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Why Physicians Make Big Financial Mistakes….and Should They be “Firing Their Financial Advisor”?

I am not a financial advisor, so please do not make any financial decisions based on anything I write. However, I am a physician who retired early after achieving financial independence and many readers have reached out to know more about this.  In the latter half of this article I also review a popular new online financial literacy course geared for physicians from the “White Coat Investor”  “Fire Your Financial Advisor”

Probably like you, I remember having an investment firm invited to speak at our residency program. They discussed the benefits of own occupation disability and offered a discount to residents wanting to sign up with their firm. I also remember them talking about managing portfolios. I opted to sign up for the disability coverage and continued with this for a few years until I had adequate coverage through my attending job. At this time, I canceled the plan. I never did use them to manage my money.

I since found out that this same group speaks to many residency programs/hospitals in the surrounding area. Makes me wonder, how did they get this monopoly of a captive audience of fledgling physicians?  Is there some incentive to the programs for allowing them to speak to their residents?  I don’t know the answer to that.  Regardless, it makes me nervous that many physicians aren’t getting good/fair advice relating to finance.

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Why are we talking about finances again? Its important to everyone, and it doesn’t get enough attention with physicians who are more focused on patient care and family time with little left for anything else. With medical student loans, yet also high income potential, every physician should care about finance.

My goal in discussing these topics is NOT to have physicians leave medicine early by retiring early. However, a benefit of financial success is the ability to have control over your time- and I have found time to be the most precious commodity after a health scare read more here

You may be hearing about the massive rally going on in the stock market and wondering if you are missing out. You may have worries about student loans and whether you should agree to a “doctor loan” when buying your first home.

There are so many financial topics that are specific to physicians but, yet as a group, we do not have the training or interest in managing our own finances to allow us to pay off our loans, fund our kid’s college education, or book the vacation that provides the life experience with our families that we value so much.

Most of us don’t have time to learn in depth analysis of stocks or to research different real estate investment opportunities. Unless you have a specific interest in this, I wouldn’t recommend it.

However, as high income earners,  we make big mistakes by leaving an enormous amount of money on the table by not having a basic understanding of retirement savings plans, and the importance of a financial plan for your family.  It is dry, and sometimes painful, to get a better understanding of these things but I promise its worth it.

You may be investing in CME conferences for your career, reading new journal articles, and paying for an “Uptodate” subscription every year. These are all good things to continue advance knowledge in your medical career. Just don’t forget to invest in yourself and family too.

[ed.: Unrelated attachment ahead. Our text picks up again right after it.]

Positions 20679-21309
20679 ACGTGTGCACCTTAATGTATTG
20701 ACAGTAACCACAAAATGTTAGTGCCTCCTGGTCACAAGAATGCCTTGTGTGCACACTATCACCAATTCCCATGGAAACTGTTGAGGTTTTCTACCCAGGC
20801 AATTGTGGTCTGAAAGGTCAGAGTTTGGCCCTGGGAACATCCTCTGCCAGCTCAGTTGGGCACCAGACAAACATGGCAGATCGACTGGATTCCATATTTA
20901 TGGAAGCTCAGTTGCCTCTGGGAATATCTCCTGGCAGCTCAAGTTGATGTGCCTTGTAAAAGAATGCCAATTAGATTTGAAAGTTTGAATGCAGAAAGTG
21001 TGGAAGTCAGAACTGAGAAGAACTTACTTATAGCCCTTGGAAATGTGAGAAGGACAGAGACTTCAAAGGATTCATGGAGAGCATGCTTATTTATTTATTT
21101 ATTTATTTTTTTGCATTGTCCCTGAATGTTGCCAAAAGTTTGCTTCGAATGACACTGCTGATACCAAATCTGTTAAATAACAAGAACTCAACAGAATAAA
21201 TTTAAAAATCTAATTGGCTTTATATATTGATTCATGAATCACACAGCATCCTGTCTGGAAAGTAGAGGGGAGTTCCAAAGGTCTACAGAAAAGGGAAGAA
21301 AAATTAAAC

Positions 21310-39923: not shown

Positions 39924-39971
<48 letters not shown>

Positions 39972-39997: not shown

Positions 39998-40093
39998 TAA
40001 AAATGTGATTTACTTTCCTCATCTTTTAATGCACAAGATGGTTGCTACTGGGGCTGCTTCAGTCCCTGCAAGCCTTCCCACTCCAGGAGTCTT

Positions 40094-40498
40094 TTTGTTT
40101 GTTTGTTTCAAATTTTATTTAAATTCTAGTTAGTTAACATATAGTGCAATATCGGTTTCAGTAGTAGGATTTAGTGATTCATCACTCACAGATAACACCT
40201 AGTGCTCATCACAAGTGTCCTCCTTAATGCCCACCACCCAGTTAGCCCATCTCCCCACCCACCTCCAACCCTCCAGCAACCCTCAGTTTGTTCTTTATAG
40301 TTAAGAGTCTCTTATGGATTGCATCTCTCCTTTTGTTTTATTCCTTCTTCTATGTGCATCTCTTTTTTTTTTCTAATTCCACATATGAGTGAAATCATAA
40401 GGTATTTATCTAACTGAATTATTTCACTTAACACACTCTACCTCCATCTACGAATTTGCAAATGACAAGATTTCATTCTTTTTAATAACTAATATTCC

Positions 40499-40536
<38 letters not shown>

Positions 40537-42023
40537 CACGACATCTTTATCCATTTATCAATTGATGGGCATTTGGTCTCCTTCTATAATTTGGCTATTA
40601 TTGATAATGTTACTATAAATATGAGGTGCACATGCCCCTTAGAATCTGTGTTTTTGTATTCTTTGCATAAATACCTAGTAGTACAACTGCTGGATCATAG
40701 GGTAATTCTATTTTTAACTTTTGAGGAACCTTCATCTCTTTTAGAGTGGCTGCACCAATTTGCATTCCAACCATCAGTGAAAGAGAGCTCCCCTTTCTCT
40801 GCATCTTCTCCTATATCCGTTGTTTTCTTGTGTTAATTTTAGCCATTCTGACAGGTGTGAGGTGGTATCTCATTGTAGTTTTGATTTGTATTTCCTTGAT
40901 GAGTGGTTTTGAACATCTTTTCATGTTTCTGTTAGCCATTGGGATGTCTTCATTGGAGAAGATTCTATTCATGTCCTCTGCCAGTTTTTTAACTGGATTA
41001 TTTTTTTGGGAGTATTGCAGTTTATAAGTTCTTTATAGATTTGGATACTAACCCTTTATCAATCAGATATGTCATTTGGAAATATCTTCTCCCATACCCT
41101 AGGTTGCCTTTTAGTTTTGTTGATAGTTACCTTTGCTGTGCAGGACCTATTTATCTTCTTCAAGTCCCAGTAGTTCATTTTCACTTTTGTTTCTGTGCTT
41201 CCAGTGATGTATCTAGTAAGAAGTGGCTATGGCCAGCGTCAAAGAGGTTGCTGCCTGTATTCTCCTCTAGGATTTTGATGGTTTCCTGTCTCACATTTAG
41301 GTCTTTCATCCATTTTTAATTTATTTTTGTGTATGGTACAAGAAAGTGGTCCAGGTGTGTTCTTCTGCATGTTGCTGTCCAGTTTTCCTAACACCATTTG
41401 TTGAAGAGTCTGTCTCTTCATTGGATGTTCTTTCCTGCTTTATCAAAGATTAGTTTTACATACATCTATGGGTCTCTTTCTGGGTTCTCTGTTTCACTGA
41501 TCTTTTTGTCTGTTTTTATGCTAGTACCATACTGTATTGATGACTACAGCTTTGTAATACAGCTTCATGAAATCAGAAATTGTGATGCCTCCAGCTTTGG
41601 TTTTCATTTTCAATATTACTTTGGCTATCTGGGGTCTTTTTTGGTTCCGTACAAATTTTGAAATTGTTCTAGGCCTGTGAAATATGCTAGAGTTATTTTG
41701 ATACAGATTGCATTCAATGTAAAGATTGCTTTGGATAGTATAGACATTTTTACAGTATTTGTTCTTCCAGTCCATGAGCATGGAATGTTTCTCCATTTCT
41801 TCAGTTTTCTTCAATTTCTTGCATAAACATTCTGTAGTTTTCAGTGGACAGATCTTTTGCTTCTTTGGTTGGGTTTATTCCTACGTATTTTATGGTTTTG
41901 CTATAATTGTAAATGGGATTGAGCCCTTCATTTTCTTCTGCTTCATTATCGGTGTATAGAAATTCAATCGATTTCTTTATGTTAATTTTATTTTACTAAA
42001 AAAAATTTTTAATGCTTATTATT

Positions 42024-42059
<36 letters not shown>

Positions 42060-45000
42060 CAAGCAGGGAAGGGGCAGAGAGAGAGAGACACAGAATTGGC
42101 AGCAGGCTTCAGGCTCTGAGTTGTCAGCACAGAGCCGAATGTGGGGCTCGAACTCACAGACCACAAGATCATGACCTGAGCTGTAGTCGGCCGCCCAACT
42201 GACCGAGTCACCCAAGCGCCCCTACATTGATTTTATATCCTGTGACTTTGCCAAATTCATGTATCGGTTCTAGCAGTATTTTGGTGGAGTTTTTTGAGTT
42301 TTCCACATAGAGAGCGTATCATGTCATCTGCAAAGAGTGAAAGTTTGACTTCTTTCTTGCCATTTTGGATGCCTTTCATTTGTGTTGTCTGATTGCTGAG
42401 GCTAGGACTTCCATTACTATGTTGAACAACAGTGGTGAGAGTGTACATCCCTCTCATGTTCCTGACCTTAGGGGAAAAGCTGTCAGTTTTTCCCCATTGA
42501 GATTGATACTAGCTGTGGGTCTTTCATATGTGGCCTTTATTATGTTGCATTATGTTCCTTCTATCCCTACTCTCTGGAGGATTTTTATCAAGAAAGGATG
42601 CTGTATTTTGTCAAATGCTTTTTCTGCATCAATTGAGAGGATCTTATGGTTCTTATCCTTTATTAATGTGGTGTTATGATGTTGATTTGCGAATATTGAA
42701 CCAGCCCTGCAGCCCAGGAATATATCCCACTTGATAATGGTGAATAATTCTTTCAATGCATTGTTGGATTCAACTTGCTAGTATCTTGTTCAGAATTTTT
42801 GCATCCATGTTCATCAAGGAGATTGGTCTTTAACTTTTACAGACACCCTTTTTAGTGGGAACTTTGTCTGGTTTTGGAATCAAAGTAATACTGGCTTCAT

I wish I could say I was able to retire based on my physician income alone. Its just not true. Unless I had completely maxed out all retirement vehicles early (including while a resident), minimized loans (both student and mortgage), lived modestly, and invested in the stock market, it just wouldn’t be possible. However, your income as a physician puts you in a place where you should absolutely be able to retire when you want to if you make prudent financial decisions.

Take the time to make a financial plan. Read a few books or take a course. It will be worth so much to you over the years and well worth your time investment. Its not fun, but crucial. And no one in medicine will tell you to do this.
End of rant.

In full and complete disclosure, I was approached by the creator of the “White Coat Investor” to give feedback and take his new online course to see if this was something I thought would appeal to my readers. If you end up buying the course through my link, I will get a small portion of the cost for the course (without any additional cost to you- the price is the same regardless).  You can take as long as 7 days to determine if you find it worthwhile, refund is available if not.  WCI “Fire Your Financial Advisor” Course

 

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I am definitely not running this website as a principle means to make money. This is a hobby for me, but it does have administrative costs. So, if you are going to buy the course for the same price anyway and my review/link helped you decide to do it, I feel it is a win for us both.

All that being said, I did the course. Here is my honest feedback:

1. It is boring, and dry. (Perhaps mostly just a function of the material itself, but some variation in how the information is presented would be nice).

2. It is incredibly useful for physicians.

It deals specifically with topics that are unique and pertinent to physicians. If you have tried to read about finance and found books incredibly boring, or if you don’t know where to find all the important information for physicians in one place, it is likely a good fit. Its all done on videos that you can start and stop when you want. I don’t recommend doing more than a few hours at a time as you will start to lose focus.